SAN JACINTO, Calif. - Hundreds of Scientology followers live on a gated, 500-acre campus and work long hours for almost no pay reproducing the works of founder L. Ron Hubbard and creating the church’s teaching and promotional materials.
The church said its 5,000 so-called Sea Organization members are religious devotees akin to monks who are exempt from wage requirements and overtime. But two lawsuits filed by former Sea Org members, as they are known, allege the workers are little more than slave laborers, forced to work 100-hour weeks for pennies and threatened with manual labor if they cause trouble.
Marc Headley and his wife, Claire, are seeking back pay and overtime that could add up to $1 million each, said their attorney, Barry Van Sickle.
Sea Org operates as a nerve center for the church’s most important business. While Sea Org members hold positions of authority within the international church, from the public relations team to the top leadership, lower-ranking members make up much of the work force.
The members are Scientology’s most devoted followers: They sign a billion-year pledge, vow not to have children and live and work communally.
Scientology has been sued by disgruntled members before, but experts believe these suits are the first to use labor law to challenge the premise that the Sea Organization is akin to a fraternal religious order.
Headley, who claims he escaped the gated facility in 2005, said he and others were threatened with forced labor and psychological abuse if they caused trouble.
The Church of Scientology vehemently denies the allegations and claims the plaintiffs are liars looking for money.
Claire Headley makes similar allegations but also claims she was coerced into an abortion, Van Sickle said.
Church officials say Sea Org members are not asked to have abortions but must leave the order if they become pregnant.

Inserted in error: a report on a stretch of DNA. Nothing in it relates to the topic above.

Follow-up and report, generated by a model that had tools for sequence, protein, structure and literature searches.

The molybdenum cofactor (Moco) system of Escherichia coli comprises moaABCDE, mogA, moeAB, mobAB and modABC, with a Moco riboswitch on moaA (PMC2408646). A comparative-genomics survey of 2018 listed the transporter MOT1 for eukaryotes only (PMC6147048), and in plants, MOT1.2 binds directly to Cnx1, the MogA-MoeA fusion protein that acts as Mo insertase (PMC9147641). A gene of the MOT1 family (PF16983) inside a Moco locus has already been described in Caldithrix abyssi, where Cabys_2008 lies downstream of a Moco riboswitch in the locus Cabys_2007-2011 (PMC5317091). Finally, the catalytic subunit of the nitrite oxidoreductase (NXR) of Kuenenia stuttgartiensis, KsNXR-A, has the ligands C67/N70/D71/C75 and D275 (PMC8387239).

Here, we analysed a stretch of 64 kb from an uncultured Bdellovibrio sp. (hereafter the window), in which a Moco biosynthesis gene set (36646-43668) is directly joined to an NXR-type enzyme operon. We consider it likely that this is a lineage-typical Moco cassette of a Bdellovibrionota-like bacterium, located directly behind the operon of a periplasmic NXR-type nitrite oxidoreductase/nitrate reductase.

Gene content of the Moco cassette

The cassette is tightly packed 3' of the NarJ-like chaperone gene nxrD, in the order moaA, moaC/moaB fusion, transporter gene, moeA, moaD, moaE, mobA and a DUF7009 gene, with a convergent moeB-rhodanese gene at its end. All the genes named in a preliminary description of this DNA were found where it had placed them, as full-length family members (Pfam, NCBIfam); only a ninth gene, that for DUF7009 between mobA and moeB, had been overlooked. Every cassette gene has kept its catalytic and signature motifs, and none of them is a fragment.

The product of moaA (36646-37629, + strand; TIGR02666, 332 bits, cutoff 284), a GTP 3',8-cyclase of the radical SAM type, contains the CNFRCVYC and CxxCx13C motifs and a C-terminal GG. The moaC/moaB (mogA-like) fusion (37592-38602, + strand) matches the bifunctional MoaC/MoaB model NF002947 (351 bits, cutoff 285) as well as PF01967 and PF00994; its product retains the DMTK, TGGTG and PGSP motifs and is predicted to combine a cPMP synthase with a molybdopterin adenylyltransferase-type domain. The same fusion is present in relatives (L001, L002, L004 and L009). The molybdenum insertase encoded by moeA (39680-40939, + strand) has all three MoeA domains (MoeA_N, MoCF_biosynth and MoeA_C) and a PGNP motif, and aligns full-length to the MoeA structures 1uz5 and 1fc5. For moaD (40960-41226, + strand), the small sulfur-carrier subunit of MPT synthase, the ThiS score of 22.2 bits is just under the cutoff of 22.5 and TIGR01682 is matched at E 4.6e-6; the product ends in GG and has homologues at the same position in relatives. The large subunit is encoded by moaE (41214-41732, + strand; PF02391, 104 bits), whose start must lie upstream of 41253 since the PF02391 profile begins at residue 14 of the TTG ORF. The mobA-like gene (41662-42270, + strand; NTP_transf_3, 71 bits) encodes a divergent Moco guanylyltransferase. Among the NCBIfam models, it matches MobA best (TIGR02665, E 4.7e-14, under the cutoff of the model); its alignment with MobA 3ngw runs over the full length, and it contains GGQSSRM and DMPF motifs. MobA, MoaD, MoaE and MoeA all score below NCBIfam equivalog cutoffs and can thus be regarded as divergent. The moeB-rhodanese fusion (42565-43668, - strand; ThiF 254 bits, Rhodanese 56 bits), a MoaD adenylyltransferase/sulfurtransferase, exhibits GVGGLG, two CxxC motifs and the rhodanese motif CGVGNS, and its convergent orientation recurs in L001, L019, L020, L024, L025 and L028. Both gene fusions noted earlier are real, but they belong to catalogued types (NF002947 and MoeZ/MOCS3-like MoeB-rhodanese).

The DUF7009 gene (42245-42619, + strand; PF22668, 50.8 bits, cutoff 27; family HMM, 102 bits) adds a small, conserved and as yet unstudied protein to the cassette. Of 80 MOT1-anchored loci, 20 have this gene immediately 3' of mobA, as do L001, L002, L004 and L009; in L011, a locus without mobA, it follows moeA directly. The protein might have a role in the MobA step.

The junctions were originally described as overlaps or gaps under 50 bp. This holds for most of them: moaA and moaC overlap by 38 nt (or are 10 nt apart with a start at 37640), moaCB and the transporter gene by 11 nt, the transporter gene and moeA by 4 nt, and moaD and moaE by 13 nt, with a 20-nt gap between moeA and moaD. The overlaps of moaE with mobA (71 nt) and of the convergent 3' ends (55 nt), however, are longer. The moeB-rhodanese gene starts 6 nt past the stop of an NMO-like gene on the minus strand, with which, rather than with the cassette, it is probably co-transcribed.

Practitioners believe they can eliminate negative energy from past lives through study and “auditing” sessions that use electronic devices called “e-meters” to detect mental trauma.
Headley, 36, said he began to question the religion while working for an average of 39 cents an hour to mass produce cassettes that cost the church $1 to make but sold for $75. He also helped make CDs and DVDs and expensive e-meters before graduating to working on in-house film production, he said. In 15 years, he said he earned $29,000.
Church leaders have labeled Headley a heretic, dispute his story and said he was an incompetent troublemaker.
Sea Org members happily receive room and board, medical and dental care, a $50 weekly personal allowance, three weeks of annual vacation and free auditing and religious instruction for their lifetime devotion, church officials said. Each day includes two hours of Scientology study and short meal breaks.
During an AP reporter’s visit, which was videotaped and photographed by the church, spokesman Tommy Davis repeatedly admonished the reporter for inquiring about Headley and other detractors, whom he called “terrorists” for associating with Anonymous, a group that has targeted Scientology with protests and has hacked into the church’s Web site.
Headley, who has written a book about his experiences, said he endured 24-hour surveillance, roll call three times a day and censored mail. Sleeping quarters were watched at night, floodlights illuminated the campuses and escape routes were blocked during security drills. The church denies that, saying Sea Org members are free to come and go as they please.
Headley said he decided to leave in 2005 after church officials accused him of reselling old film equipment. They said they were going to begin investigating his actions and place him in a rehabilitation camp.
Davis said Headley embezzled more than $13,000, but they never filed suit against him or sought criminal charges.
Headley said he was given permission to sell old equipment on the Internet and that he never stole anything.